Short Sunderland

The “Flying Porcupines” in the Second World War

Andrew Hendrie

 
Date Published :
May 2022
Publisher :
Pen and Sword
Language:
English
Illustration :
80 integrated b/w images
Format Available    QuantityPrice
Binding. : Hardback
ISBN : 9781848847798
Pages : 192
Dimensions : 9 X 6 inches
Stock Status : Out of stock
$39.99
Binding. : Paperback
ISBN : 9781399014540
Pages : 192
Dimensions : 9.1 X 6.1 inches
Stock Status : In stock
-
+
$29.95

Overview
-

In 1933, the Air Ministry issued a specification for a general-purpose four-engine flying boat capable of operating from the outposts of the Empire. The result was the remarkable Sunderland, built by Short Brothers.

This book covers the development of the Short Sunderland and its operation in the Second World War. The Sunderland's Crew's ability to take on combats with six or more enemy fighters earned it the Luftwaffe's nickname of the "Flying Porcupine".
The aircraft’s “maid of all work” role over the eastern Mediterranean is covered in detail, and includes recess for the Royal Navy, evacuations from Yugoslavia, Greece and Crete, as well as attacks on enemy submarines.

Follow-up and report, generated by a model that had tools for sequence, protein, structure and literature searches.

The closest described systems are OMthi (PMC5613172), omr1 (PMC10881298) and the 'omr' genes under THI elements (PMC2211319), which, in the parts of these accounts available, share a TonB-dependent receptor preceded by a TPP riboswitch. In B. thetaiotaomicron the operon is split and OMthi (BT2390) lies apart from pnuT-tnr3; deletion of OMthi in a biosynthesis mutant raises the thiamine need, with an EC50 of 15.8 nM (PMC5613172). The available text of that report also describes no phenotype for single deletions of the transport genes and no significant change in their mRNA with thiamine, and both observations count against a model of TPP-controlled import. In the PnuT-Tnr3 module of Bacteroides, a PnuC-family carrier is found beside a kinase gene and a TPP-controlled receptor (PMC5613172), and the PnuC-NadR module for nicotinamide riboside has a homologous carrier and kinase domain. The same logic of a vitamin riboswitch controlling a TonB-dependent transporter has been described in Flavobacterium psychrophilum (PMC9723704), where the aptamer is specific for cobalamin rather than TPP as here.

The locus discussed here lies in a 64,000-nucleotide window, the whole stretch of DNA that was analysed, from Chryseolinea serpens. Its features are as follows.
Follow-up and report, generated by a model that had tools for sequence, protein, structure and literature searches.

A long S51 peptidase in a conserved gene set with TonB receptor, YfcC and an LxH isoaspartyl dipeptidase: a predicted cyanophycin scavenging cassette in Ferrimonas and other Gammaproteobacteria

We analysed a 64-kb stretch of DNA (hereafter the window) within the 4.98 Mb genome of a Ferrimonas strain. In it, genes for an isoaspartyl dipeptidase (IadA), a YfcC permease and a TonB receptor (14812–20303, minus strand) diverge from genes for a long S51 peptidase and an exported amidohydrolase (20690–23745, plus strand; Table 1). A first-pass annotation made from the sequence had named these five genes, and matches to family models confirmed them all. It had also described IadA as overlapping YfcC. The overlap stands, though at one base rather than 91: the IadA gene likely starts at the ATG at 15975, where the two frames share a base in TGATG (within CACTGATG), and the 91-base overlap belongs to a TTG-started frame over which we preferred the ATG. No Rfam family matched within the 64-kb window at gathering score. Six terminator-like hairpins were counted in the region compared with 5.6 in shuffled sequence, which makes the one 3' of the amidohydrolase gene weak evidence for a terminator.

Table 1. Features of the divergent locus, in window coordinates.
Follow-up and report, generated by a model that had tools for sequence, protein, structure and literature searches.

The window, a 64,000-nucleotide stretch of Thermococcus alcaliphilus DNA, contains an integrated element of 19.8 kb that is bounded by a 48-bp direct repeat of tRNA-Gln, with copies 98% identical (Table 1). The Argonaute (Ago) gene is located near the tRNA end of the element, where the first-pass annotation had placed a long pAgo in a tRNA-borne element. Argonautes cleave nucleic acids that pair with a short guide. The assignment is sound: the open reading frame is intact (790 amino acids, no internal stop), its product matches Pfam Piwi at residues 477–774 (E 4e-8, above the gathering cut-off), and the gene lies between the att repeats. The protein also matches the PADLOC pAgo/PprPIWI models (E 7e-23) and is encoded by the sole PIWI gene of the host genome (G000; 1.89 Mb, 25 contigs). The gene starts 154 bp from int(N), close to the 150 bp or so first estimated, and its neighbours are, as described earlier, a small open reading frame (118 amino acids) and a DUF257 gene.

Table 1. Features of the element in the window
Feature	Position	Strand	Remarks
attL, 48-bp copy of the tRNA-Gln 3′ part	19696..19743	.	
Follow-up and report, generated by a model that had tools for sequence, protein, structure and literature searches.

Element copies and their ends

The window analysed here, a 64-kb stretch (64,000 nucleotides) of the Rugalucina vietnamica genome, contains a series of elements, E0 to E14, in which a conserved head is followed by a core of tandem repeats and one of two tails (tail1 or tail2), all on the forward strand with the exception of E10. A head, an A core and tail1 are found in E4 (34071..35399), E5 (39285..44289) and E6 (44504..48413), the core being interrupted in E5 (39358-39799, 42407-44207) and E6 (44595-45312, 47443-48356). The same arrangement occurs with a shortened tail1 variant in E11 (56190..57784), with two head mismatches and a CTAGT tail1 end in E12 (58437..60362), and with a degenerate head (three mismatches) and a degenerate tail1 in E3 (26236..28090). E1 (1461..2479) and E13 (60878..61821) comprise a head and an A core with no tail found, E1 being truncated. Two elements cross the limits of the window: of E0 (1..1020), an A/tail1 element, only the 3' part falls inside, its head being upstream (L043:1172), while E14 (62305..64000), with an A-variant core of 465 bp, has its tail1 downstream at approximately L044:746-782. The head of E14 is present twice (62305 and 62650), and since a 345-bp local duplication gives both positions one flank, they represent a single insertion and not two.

The Canadian, Australian and Norwegian squadrons’ operations within Coastal Command are included plus, outside the Command, those of South Africans and New Zealanders. The author also includes details of postwar operations such as the Berlin Airlift.

Detailed appendices include lists of Sunderlands with brief histories and all known successful attacks on enemy submarines.

About The Author
-

After completing a tour of operations on Lockheed Hudsons during the Second World War, ANDREW HENDRIE logged flights on over seventy Sunderlands, largely air tests of machines delivered by the Short’s factories at Belfast and Windermere. He then began a second tour on Vickers Wellingtons.

Post-war, Andrew joined the RAFVR. After 1980 he began researching and writing books about maritime flying operations. His first title, Seek and Strike: The Lockheed Hudson in World War II, was published in 1983. Andrew passed away in 2004.

REVIEWS
-

"...a serviceable, comprehensive, and at times gripping, history of the Flying Porcupine. The photographs are extensive and well-chosen..."

- Naval Historical Foundation

More from this publisher